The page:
Management in Practice spoke with Dr Tom Rustom, a GP partner and PCN clinical director in Horley, Surrey.
Dr Rustom is set to speak about strengthening the practice team with ARRS roles at Management in Practice Birmingham on 9 November.
Why is it important right now to understand the ARRS scheme?
When PCNs were introduced two and a half years ago, part of the reason for having them was to try and stop primary care from falling over: to try and reduce the gap in numbers of GPs, practice nurses, etc, coming through the system. One of the primary goals was to support and strengthen general practice.
Giving resources in the form of people was quite a smart move by NHS England. From my experience in our PCN, we’ve been very fortunate in recruiting and we’ve managed each year to maximise our ARRS recruitment with very little under spend leftover. I’m aware that there’s some areas where you can give people funding resources and you still won’t be able to get the clinical pharmacists, physios or paramedics that you feel that you need as a PCN.
We are fortunate as we have a strong GP Federation who does the recruitment for us – so our role as GPs in the practice is to get these people embedded in.
If you take the time to support these people; if you give them protected time to embed them into the practices, encourage them to get involved and allow them to be flexible and autonomous in their working, then they can be extremely valuable additional members of the team.
Are the funding and roles available through the ARRS scheme flexible enough to support existing staff and patient needs?
One of the challenges is that if you’ve got 3% pay rise happening each year through NHS staff pay rises, that’s not taking the ARRS into account, and so practices are in the position where they have to pick that up. It doesn’t give you the flexibility to afford people a progressive pay scale as they get better.
So, if you want to get the best clinical pharmacists that you can, you have to offer them the maximum salary reimbursement through the scheme – because they will have read about it and that’s what they’ll be expecting. But if they take on additional training and become a prescriber, for example, and you want to pay them an extra certain amount a year, it doesn’t allow for that. Again, that’s got to be picked up either by the practices or through PCN core funding.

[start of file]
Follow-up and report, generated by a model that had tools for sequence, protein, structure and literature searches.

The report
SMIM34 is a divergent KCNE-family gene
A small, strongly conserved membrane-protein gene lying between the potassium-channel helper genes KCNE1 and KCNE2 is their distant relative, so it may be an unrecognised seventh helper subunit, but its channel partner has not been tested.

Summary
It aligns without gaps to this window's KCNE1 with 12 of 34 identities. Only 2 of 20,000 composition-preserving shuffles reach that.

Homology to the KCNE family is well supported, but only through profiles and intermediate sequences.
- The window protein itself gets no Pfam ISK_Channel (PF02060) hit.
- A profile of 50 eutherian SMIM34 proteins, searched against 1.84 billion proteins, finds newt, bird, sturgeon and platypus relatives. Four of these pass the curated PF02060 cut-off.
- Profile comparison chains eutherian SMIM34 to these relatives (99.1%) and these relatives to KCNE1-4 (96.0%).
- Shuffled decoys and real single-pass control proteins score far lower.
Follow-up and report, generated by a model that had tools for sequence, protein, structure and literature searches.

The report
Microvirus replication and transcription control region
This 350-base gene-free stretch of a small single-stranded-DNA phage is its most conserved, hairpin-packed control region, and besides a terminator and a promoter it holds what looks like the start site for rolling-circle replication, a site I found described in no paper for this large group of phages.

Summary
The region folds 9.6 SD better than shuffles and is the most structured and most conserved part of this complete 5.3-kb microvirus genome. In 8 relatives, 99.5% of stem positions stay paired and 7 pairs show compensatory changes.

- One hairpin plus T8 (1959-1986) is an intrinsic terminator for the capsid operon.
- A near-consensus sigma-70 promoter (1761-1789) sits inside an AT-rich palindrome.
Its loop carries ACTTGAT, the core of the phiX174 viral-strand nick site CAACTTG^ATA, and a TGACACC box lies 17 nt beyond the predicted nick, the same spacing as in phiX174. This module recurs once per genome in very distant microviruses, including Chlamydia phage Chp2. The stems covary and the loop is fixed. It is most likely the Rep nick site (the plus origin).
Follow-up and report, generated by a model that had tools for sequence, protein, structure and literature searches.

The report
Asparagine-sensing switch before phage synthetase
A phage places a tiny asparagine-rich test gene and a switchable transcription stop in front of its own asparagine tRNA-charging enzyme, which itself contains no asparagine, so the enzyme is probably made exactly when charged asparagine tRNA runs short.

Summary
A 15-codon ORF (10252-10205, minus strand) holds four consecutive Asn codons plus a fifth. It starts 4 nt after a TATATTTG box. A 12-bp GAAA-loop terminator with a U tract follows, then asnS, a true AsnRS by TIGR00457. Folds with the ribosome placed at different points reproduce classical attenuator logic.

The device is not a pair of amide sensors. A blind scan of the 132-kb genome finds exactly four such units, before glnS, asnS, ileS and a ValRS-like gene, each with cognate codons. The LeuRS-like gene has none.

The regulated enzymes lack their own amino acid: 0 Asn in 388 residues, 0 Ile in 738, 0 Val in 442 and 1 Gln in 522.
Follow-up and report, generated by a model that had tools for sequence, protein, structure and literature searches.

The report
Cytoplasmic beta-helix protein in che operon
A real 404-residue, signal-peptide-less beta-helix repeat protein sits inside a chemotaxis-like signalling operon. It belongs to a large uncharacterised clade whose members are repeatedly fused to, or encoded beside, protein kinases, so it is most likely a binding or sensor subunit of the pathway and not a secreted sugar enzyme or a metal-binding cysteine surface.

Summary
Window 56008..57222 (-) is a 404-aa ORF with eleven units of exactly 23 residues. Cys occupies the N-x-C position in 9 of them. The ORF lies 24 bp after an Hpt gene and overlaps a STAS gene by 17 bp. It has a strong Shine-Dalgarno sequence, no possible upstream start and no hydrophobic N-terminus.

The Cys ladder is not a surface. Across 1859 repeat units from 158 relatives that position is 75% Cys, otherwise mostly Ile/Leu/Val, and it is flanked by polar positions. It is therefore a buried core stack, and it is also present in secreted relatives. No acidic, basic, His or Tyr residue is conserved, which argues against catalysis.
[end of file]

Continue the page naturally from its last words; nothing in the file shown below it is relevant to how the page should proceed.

I’m not saying that’s a bad thing, we’ve certainly done that with some of our staff because that’s right and fair thing to do. But it’s a limitation, and may dissuade some PCNs from taking people on.
How can managers support ARRS workers entering general practice?
It’s important to give them an on-the-ground mentor or supervisor who has some protected time to meet with them, initially at least weekly, to give them that focal point. This should be someone clinical — separate from their line manager who deals with all their finances – they can go to for support in general practice.
One approach that I have found quite effective is introducing a ‘triage room’. So, we might have the triage GP or senior GP in a room with an administrator; then you might also have the clinical pharmacist there for the minor illness bit – so they can learn from each other. It creates lots of opportunities for communication.
For general practice to survive longer term, it needs to adapt to the multidisciplinary way of working in primary care. A patient’s first contact might not always be the GP, but the GP will be the nucleus to guide, educate and communicate with the team.
Demand will continue to outstrip supply until we have more GPs in the system. ARRS will hopefully allow us to cope until then. It is genuinely a good initiative, and a good move forward for primary care to have this mix of skill sets coming in.